The other survivor said she felt bad for the men who had lost the Supreme Court case, even though, she said, she had not sought compensation for the abuse that had happened to her decades ago.
She said it took her 42 years to return to church. "When I came back, it was different," she said. When she left, she said, "The priest was standing at the altar, facing it." When she came back, she said, "I didn't know the hymns."
She has since joined the choir.
Her faith was reaffirmed in a moment she recounted.
"I thanked God for being here," she said. As she touched her hand to her heart, she told the group she had felt a little palpitation. "This is what heaven feels like — pure love."
She told a priest about it, who replied, "God sometimes gives us glimpses of heaven."
"If I ever start feeling bad," she said, "I tell myself, 'Don't forget that feeling.'"
During the conversation, they talked about their commitment to doing their part to assure the safety of others.
"Why do they become perverts and violate people? They're up there as a priest and privately do bad things to people," said the second survivor.
"The Oakland Diocese has done a good job," said the first, in conducting background checks on men entering the seminary. "I feel good about that part," she said.
The second added that support groups like No More Secrets help. "I don't know other churches that do this. If they knew what it does for people…"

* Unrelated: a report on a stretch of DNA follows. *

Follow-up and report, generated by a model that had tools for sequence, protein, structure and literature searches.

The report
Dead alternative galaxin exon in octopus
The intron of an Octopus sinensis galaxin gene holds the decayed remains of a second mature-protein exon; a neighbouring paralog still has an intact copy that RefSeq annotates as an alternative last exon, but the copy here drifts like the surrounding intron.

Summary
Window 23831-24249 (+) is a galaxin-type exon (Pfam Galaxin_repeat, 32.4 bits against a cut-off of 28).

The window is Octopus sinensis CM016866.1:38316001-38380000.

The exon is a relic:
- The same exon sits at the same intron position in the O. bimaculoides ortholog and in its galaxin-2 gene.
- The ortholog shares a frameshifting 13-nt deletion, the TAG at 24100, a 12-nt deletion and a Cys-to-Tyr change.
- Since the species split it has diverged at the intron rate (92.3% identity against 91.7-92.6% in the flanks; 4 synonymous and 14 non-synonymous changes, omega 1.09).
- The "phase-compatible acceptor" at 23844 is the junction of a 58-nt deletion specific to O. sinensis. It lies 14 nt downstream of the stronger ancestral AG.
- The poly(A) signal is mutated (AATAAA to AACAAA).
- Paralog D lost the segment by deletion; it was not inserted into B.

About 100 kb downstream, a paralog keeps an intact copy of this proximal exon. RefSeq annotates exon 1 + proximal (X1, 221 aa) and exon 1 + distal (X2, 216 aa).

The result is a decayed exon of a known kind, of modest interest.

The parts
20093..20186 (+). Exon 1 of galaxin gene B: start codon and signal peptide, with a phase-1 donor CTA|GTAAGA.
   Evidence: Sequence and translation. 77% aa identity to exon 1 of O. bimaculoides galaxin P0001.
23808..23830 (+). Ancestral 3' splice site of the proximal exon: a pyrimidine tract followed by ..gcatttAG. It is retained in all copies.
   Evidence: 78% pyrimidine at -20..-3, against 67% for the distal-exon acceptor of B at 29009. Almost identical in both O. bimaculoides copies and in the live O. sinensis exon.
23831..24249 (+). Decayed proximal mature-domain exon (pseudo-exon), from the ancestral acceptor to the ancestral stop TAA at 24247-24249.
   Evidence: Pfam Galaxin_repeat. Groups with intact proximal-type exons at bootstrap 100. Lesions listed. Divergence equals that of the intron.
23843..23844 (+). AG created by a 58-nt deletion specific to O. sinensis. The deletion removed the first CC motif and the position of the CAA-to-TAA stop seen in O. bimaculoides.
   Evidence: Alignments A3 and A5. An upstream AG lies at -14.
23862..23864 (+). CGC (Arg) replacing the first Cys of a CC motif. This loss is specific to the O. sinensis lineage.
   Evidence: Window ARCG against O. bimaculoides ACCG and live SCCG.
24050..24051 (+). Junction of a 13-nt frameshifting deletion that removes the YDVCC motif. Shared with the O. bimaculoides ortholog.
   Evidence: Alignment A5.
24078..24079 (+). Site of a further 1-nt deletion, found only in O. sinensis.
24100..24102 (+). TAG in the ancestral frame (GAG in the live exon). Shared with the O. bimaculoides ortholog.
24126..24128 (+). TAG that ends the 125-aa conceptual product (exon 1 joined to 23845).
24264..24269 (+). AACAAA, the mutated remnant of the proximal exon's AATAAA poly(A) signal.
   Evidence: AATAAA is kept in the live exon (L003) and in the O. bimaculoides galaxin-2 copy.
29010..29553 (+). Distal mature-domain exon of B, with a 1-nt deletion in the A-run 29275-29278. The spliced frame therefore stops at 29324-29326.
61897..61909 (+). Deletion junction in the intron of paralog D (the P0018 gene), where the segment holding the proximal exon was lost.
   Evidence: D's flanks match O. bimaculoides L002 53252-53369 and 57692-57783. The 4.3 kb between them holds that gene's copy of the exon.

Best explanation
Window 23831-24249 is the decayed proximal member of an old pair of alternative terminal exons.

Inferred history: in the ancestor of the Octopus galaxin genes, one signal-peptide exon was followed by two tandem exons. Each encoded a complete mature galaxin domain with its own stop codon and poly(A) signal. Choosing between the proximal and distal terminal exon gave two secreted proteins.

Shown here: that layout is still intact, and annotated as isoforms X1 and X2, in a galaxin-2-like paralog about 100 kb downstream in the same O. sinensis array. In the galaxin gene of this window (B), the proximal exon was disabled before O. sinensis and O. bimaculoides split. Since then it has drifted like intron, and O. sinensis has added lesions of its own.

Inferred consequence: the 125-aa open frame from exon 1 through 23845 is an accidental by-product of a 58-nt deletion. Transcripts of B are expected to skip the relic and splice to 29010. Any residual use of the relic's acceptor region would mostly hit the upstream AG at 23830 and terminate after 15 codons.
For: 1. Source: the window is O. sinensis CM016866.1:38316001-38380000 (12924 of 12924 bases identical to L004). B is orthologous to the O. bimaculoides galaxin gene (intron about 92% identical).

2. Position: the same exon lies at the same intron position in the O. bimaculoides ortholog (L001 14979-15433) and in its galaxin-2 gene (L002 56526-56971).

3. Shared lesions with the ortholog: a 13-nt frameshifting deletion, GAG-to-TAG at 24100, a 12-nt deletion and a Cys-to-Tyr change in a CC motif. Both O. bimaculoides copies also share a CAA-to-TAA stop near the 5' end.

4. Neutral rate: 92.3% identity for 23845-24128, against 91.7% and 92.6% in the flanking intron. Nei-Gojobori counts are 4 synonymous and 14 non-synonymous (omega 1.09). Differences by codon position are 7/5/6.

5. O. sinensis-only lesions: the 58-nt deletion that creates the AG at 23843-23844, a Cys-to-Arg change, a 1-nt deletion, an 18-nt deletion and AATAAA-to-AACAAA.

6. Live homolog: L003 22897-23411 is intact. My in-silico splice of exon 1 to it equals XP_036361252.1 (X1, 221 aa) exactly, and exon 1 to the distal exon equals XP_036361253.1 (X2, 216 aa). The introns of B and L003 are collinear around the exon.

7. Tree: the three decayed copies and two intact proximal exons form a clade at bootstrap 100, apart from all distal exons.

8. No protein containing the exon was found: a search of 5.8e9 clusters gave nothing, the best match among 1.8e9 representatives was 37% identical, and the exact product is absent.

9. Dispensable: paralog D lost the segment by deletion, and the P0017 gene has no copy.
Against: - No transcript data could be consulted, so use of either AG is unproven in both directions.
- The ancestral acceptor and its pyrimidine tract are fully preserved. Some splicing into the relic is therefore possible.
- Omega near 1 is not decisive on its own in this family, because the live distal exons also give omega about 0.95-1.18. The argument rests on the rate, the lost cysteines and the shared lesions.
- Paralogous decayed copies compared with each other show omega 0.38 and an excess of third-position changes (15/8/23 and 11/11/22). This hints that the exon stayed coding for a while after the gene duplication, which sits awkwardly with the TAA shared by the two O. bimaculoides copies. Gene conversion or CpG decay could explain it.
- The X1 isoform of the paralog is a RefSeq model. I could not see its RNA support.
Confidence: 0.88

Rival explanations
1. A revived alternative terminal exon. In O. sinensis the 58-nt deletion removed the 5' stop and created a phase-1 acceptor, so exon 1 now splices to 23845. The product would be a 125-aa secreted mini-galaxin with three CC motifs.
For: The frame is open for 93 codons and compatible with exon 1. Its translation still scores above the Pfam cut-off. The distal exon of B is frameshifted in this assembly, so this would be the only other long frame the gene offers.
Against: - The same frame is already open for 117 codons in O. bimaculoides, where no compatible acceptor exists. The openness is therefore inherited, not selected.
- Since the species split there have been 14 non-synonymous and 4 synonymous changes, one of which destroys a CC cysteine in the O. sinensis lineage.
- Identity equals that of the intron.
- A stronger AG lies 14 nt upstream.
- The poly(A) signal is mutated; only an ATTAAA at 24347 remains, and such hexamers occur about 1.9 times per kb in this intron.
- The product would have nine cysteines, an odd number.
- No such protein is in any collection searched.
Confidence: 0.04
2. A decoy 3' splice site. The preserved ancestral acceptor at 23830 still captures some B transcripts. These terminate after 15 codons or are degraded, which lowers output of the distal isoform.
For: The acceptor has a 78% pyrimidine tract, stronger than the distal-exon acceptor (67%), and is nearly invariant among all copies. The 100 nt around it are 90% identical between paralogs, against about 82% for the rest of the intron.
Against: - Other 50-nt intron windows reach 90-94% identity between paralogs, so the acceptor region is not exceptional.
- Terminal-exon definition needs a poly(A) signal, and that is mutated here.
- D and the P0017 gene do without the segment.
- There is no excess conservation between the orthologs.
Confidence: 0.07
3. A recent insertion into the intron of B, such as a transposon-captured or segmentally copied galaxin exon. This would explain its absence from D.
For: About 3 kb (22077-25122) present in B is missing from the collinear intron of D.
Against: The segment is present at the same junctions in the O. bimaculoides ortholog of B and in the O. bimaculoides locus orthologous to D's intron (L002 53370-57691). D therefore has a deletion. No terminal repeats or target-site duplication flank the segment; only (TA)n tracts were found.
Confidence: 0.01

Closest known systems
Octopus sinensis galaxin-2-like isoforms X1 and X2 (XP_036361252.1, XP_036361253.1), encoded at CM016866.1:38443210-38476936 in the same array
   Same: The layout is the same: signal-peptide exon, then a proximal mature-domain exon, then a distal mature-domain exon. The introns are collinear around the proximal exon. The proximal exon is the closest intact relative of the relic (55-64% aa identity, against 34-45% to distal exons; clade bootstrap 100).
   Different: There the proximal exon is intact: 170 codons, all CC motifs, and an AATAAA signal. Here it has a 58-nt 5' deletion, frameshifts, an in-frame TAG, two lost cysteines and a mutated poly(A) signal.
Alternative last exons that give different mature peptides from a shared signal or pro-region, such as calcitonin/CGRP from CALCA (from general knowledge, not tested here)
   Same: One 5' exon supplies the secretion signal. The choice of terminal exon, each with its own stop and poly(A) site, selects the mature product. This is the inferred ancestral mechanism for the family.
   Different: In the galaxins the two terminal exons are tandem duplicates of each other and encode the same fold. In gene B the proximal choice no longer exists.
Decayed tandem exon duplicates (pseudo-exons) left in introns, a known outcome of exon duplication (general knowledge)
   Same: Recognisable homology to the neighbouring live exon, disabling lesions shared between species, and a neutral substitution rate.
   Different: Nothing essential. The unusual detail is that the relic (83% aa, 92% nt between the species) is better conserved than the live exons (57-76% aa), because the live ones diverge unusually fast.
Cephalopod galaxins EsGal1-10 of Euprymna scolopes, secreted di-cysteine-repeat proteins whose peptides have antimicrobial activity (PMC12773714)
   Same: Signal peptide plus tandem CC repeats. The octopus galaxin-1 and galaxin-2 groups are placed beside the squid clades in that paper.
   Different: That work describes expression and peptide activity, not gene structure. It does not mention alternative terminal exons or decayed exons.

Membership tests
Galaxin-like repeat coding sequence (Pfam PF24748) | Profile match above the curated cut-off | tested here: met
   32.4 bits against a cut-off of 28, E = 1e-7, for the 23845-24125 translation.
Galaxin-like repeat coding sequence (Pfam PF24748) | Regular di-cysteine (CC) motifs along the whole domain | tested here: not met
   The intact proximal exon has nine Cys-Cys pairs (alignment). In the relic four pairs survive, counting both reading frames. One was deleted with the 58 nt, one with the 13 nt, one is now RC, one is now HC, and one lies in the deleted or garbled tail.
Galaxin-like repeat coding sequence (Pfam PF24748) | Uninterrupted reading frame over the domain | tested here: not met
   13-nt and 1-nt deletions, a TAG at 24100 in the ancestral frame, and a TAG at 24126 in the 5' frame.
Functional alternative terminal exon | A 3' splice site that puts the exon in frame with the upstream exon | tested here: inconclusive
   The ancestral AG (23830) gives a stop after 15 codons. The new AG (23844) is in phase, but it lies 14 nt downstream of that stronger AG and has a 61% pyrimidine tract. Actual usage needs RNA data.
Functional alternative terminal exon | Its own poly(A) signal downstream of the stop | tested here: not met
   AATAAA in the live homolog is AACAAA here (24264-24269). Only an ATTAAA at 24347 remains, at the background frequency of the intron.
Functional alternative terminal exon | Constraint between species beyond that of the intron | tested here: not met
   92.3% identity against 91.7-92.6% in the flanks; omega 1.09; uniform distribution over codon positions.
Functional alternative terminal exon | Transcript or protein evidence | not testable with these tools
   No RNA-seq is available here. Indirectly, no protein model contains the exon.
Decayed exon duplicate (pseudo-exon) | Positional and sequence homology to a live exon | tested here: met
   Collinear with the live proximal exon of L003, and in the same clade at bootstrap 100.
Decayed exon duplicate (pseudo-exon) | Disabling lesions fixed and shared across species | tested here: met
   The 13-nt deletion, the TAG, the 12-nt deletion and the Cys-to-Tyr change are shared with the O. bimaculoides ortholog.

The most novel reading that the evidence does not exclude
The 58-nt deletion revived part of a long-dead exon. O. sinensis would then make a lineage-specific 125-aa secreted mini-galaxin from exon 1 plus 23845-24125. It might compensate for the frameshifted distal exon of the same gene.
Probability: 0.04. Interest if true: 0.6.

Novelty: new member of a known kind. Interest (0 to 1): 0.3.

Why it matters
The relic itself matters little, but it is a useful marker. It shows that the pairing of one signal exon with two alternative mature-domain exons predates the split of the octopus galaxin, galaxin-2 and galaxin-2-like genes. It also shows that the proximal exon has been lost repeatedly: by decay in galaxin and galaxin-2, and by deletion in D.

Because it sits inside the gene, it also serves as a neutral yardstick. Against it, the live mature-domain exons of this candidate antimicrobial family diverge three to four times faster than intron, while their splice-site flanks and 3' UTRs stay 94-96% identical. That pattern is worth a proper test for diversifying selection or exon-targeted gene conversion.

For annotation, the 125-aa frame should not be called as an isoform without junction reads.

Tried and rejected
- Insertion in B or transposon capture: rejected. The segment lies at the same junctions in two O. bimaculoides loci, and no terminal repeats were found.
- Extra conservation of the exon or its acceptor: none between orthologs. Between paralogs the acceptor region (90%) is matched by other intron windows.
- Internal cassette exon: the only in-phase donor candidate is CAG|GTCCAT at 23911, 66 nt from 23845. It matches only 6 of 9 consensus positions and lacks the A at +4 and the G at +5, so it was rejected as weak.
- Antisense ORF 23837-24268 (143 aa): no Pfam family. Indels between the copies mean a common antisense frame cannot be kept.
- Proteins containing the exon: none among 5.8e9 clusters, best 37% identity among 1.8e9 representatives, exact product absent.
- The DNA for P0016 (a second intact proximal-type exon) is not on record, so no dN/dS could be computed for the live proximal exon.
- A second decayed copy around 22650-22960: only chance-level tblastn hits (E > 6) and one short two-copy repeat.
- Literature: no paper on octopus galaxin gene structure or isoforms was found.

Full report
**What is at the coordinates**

But the Catholic Church needs to go further, they said, reaching out in the community to identify abusers and keep them away from children.
"Being active in church has helped me," said the second survivor, who is working with the Safe Environments ministry.
"The Safe Environment program is dynamite," said the first. "It's powerful and it makes me feel a lot better about the church."
But they expressed concerns for the future. They were never going to let down their guard.
One small anecdote offered a taste of the progress toward finding one's voice. One of the survivors had been in a church group meeting and felt a remark made to her by a member of the clergy had been unnecessarily harsh.
Upon returning home, she called him and left a message saying so.
She received an apology.
As the session progressed, participants took some time to gather at the table the Dizons prepared for lunch.
At the end of the two hours, they gathered in prayer and thanksgiving, holding hands and sharing insights from the day. They were ready to go back into the world. Sunshine greeted them at the door.